I've only been back to the Safari a couple times since I was laid off from my seasonal position 3.5 years ago. I guess it was not fulfilling for me to go as a visitor after having the behind the scenes view for so long.
Today, though, Alex and I ventured back out to walk through the village. When I worked there they had two maned wolves but they were off-site while an enclosure was being arranged for them. Today was the first time I saw them in person and they are gorgeous creatures! The look like really tall foxes and eat small rodents, birds and vegetation. Take a look for yourselves!
We also saw the new American Alligator exhibit along with a new housing building with a cougar exhibit (Cougar is name Mesa and has been there for a number of years but was not on display), a bobcat exhibit and another exhibit but I forget what it is.
The Wildlife Safari is one of the most successful cheetah breeding facilities ever and has and is making great strides in not only expanding cheetah breeding lines but also in preserving the amazing species. It is believed that cheetahs went through what is known as a "genetic bottleneck" around the last ice age so there is very little genetic variation resulting in potential inbreeding and low sperm count and mobility.
The Safari has a cheetah that was an only cub and so she is an ambassador for not only the species, but the Safari as a whole. She visits schools and walks around the village, you can even have your photo taken with her but there's no touching allowed. The cheetahs at the Safari are handled in "free contact" meaning there is no barrier between the animals and the keepers, but there's almost always a barrier between the animals and the visitors to the park. Taini (Ty-eeny), the ambassador cheetah, spends a lot of her time in an exhibit at the beginning of the village (walk-through part of the park) while the other cheetahs spend their time in the drive through part in groups. Taini must have been out on an encounter today, or possibly in the drive-through, as Sanura (Su-nor-uh) took her place in the village. Sanura was another single cub and was raised with an unusual friend as a "littermate".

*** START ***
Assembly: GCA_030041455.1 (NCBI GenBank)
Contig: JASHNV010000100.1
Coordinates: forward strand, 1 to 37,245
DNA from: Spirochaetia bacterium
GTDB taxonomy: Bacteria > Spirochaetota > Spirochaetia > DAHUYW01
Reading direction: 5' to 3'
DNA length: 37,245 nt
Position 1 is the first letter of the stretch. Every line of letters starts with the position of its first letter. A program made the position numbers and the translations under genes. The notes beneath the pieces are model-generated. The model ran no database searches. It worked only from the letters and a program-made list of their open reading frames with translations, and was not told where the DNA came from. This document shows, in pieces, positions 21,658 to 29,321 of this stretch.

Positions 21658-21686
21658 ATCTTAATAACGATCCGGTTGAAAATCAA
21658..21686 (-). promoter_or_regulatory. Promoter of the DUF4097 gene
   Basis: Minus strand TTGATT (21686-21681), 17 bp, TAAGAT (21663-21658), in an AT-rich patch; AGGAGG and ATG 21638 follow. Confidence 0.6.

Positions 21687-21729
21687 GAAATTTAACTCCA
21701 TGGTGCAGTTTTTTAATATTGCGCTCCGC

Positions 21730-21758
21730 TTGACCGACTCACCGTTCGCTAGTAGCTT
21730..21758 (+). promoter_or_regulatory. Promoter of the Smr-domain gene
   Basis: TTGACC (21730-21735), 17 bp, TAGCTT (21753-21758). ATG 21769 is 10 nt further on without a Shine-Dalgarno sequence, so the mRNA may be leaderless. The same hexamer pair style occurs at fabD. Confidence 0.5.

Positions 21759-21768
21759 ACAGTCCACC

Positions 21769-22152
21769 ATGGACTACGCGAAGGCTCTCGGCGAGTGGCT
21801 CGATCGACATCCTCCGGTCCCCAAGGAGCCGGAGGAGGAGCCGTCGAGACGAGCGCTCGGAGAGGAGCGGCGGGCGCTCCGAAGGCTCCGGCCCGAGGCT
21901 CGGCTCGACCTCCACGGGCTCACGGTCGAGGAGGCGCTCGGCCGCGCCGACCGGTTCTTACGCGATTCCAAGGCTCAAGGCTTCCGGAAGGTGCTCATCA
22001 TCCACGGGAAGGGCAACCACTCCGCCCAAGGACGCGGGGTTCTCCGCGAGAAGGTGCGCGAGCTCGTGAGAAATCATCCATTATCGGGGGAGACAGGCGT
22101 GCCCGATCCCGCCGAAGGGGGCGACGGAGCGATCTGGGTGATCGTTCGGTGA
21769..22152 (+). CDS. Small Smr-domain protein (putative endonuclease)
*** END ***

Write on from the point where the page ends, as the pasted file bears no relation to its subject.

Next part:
Her "littermate's" name is Ellie and she's an Anatolian Shepherd. They're both almost five years old now but are still very close and Ellie can be seen in the drive-through not only in Sanura's enclosure but with many of the other cheetahs as well. Anatolian Shepherds are livestock guarding dogs originally from Turkey. They were used to protect flocks from wolves, bears, jackals and cheetahs but they are also known for being able to co-exist with cheetahs quite well. Sanura and Ellie are a great example of that capabality. I don't have a photo of Ellie although we did see her out on a walk through the woods as we were leaving the Safari but here is an example of an Anatolian Shepherd that looks quite a bit like her.
I talked to the staffing agency that is working with the Safari yesterday and the owner said he'll get me back out there if they want me so I'm expecting to get to go back soon (as they loved me out there and didn't lay me off until they simply could no longer afford to keep me which ended up being more than two months after they were supposed to lay me off). I'm not sure what department I'd be in yet but I'm hoping for Elephants (of course), village or the cheetah department although I would be more than willing to do a support position as well, as long as I get to go back! I even picked out the jacket I want to buy if I do go back as employees have to wear a Safari shirt and if it's cold a Safari jacket or sweater. Oh, I'm getting excited, counting my eggs before they hatch I guess!
If I do go back though, expect many more posts about the different animals. I'll give some inside information (like Sanura and Taini being only cubs or the maned wolves having been kept off-site) but of course there is information that has to be kept confidential so I won't be able to share all but hopefully if I go back you all will enjoy the new dimension to my blog! Puppies, Celiac and exotic animals! What's better than that?